If I use your example of "falling in love" and compare it with the way I feel about my kids, I can understand the adherence. What puzzles me is how powerful the initial experience has to be for someone to be that committed, that, no matter what, they will adhere to the religion.
There are all kinds of ways that cracks can appear in that belief system over time. Maybe you study science and that helps you scrub some of these idea. Maybe God lets you down - someone gets very sick or dies. The best description of an adult falling in and out of a system like this that I've ever heard is the interview Jason Beghe gave about his experience with Scientology. I think much of religious process goes like that - it's long but if you want to understand this kind of process ...:

Relating religious experience to my personal feelings about the kids/grandkids, I can relate to religious beliefs, but as I said above, I'm puzzled by how the attraction first has the effect. I can understand it if you grow up with it from childhood, and in the throes of teenage angst become committed, but not how adults are converted from not having it to becoming deeply committed. The relationship with a child begins from the moment of first becoming aware of the expected event, then the instinct to protect and nurture that develops into deep emotional attachment, so it's not a "falling in love" as it is with a sexual partner, that I think happens on attraction, not over time. What happens over time, is a shared life of overcoming hardships, disappointments, celebrating successes, that is "love" not being "in love".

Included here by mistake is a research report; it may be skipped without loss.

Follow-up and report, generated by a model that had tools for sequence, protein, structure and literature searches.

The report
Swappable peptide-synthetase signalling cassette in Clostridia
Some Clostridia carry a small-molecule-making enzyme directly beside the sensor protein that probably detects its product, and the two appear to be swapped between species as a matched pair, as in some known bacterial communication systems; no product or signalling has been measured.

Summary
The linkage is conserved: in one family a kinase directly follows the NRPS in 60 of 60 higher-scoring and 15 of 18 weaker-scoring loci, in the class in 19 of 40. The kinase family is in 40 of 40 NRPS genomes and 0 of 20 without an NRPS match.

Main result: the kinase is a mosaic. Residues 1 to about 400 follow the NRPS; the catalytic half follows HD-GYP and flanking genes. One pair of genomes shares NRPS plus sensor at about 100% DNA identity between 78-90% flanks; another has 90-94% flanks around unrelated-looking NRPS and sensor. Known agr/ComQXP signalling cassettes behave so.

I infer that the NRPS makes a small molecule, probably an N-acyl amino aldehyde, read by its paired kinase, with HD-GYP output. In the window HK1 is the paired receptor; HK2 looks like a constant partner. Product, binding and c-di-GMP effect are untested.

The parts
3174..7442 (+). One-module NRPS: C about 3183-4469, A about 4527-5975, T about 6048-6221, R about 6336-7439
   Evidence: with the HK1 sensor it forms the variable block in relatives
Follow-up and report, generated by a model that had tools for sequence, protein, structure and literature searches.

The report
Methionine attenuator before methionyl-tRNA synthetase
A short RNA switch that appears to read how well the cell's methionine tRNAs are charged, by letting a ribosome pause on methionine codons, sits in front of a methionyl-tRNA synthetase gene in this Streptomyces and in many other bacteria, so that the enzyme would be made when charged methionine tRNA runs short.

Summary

Of course, real religious experience is nothing like that. :no: ;)


So I understand people leaving religion because they're disappointed, and I can even understand people remaining within a religion they've developed a habitual adherence to as their cultural norm. I can't understand conversion. Especially if the person is leading a fulfilling life otherwise, not in trouble, not ill, not needing a crutch. If they are needing those things, then religion can provide them, but once the initial comfort is no longer needed, wouldn't they possibly walk away? Or if remaining, remain through a feeling of gratitude, or indebtedness? There has to be psychological reason for people becoming committed to religion more than merely "being in love". I'm committed to my family, would absolutely rip my heart out for them, but not for any person I've been in a relationship not connected by my direct bloodline. I've walked away from a few of those. I also walked away from religion without a second thought.